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Photo provided via Joshua Coy.

Tantrum Theater presents ‘Natasha, Pierre & The Great Comet of 1812’

Tantrum Theater, Ohio University’s professional theater in the College of Fine Arts, will present OHIO alumnus Dave Malloy’s electro-pop opera, Natasha, Pierre & The Great Comet of 1812.

The production, initially planned to debut in spring 2021, is adapted from a 70-page section of Leo Tolstoy’s War and Peace. In this period-romance piece, Natasha has just moved back to Moscow with her family to wait for the return of her fiancé. During this time, she meets and falls for Anatole, a roguish character. While Natasha ruins her reputation with this romantic trance, Pierre, a family friend, is trying to pick up the shattering pieces. 

The show is directed by Alan Patrick Kenny, assistant professor and head of musical theater, with musical direction by Brent Frederick, assistant professor of instruction in musical theater and music direction. 

Kenny is excited to get people back into the theater.

“We've been anticipating this so much, to have this moment where we can actually do a live musical in the room with people,” Kenny said. “We have a cast of 29 and an orchestra, and they're all on stage. And, we have actor-musicians, who are all over the space, who are singing and acting with their instruments. It's such a raucous, wonderful, beautiful, funny and moving event.”

A preview performance will be held on March 24 and showings will continue from March 25 through 26 and March 29 through April 2 at 8 p.m. in the Forum Theater, located in the basement of the Radio Television Building (RTV). Tickets are on sale on Tantrum Theater’s website.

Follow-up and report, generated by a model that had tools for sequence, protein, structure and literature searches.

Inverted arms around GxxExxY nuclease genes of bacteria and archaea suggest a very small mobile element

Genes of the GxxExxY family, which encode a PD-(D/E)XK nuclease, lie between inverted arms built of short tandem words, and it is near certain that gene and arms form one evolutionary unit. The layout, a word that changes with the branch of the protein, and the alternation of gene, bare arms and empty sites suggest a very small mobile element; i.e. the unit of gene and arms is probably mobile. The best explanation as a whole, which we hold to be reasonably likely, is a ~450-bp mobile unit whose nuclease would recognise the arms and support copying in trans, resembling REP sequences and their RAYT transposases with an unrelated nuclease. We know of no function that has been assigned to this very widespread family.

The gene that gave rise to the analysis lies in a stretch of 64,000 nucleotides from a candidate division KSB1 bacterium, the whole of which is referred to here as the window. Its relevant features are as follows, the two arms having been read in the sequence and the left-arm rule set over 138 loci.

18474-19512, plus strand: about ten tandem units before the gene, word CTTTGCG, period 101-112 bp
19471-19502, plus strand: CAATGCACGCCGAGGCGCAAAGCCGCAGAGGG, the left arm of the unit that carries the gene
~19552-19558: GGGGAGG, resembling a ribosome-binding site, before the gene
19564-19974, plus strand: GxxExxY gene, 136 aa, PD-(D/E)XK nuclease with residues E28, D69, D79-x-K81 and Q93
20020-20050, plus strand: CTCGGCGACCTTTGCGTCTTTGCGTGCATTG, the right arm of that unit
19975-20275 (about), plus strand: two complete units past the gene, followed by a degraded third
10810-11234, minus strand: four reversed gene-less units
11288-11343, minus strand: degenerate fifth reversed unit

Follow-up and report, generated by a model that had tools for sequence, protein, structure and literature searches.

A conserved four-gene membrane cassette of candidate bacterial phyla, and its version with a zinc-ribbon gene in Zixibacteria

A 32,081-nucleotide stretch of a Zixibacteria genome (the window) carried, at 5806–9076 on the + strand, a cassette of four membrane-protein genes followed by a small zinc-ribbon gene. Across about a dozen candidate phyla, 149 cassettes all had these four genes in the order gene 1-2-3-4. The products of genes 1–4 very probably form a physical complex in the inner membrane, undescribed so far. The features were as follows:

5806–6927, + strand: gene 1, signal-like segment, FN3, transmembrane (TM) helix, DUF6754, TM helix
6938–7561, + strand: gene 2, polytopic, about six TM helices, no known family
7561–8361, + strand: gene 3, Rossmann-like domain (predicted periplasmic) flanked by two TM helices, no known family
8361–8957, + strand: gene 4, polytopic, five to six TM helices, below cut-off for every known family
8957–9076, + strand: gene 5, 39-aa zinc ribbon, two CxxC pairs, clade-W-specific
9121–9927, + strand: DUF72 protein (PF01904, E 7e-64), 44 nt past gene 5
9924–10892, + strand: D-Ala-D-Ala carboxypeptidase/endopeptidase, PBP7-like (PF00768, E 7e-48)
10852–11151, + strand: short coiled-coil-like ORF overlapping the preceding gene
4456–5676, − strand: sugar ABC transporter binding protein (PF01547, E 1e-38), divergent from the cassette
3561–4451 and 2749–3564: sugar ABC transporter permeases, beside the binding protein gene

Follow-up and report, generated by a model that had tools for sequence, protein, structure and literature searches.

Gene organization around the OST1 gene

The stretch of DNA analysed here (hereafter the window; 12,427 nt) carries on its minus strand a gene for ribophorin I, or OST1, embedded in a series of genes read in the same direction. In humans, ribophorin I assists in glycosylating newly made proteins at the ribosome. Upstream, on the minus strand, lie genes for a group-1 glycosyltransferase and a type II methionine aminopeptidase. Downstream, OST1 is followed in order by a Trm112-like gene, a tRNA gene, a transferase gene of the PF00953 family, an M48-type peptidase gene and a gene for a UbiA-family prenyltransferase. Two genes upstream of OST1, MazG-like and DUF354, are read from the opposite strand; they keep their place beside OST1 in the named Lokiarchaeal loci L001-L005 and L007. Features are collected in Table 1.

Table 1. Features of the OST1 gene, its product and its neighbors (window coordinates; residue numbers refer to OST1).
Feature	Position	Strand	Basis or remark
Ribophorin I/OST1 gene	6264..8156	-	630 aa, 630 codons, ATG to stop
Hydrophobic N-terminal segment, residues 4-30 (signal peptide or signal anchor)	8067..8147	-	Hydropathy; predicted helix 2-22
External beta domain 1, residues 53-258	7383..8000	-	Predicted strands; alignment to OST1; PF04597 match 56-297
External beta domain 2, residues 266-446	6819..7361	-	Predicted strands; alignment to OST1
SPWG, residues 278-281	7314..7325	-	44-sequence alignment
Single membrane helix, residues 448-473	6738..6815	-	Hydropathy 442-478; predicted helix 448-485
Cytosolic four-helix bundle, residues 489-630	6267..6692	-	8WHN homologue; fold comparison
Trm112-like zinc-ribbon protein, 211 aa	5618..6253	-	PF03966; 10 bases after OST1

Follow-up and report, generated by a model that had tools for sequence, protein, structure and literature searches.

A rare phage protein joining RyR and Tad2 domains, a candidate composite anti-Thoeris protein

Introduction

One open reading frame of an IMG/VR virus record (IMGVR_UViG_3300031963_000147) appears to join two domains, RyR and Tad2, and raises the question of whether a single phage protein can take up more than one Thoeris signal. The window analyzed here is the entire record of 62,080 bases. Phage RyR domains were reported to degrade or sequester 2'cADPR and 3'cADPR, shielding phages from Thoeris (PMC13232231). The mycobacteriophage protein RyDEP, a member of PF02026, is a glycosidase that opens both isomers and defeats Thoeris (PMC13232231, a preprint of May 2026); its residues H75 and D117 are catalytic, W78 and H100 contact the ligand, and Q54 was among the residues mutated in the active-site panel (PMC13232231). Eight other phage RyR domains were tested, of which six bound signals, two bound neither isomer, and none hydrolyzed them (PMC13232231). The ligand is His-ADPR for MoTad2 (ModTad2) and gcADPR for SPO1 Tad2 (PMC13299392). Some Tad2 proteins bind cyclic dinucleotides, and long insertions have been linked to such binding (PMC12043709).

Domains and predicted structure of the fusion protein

Producing Director of Tantrum Theater Joshua Coy said the most surprising thing about the show is the dramatic set and the activeness of the piece. 

“The play itself, the setting is dramatic,” Coy said. “The physical set of the show is dramatically done by our set designer. It's very active; it’s not a play that has a lot of downtime. It's exciting. So you're going to be able to have an experience like you would have in New York, but here in Athens.”

While watching this once-in-a-lifetime showing, viewers will be able to enjoy the many different musical takes. From Russian folk, waltz and club type, music drives the story with only one line of dialogue not underscored by it, Frederick said. 

“It's this interesting interpolation of musical theater styles and traditional folk, Russian-sounding music,” Frederick said. “It's got sections that sound like they belong in a club and they've got sections that sound like they are traditional. All of it works together as a device of the storytelling, which is really cool to see unfold. It's something unlike what most people have heard when they come into the theater because the styles are so disparate.”

Depending on perspective, everyone will get something different out of the show. Kenny said every night he gains something new after watching the show.

“People are going to come in with their own experiences,”  Kenny said. “Maybe someone who has read more in War and Peace and loves that literature will get one thing out of it. And someone else, who is not interested, will get something completely different out of it. Everybody in terms of their own interests and their own things that they relate to will probably grab on to something different. I think that's what's so exciting about this kind of musical and this kind of experience.”

Frederick said Natasha, Pierre & The Great Comet of 1812 will be a musical that audiences won’t soon be able to forget.

“If you like beautiful costumes, you'll see that,” Frederick said. “If you like music that's loud, you're going to hear it. If you like music that is traditional musical theater, you're going to hear it, and you're just going to see some great acting. You're going to see people playing accordions and running around on the stage, and playing instruments while they're acting. I think walking out of this experience, it's something that people are going to go, ‘Wow, I'm able to feel something again after two years of numbness.’”


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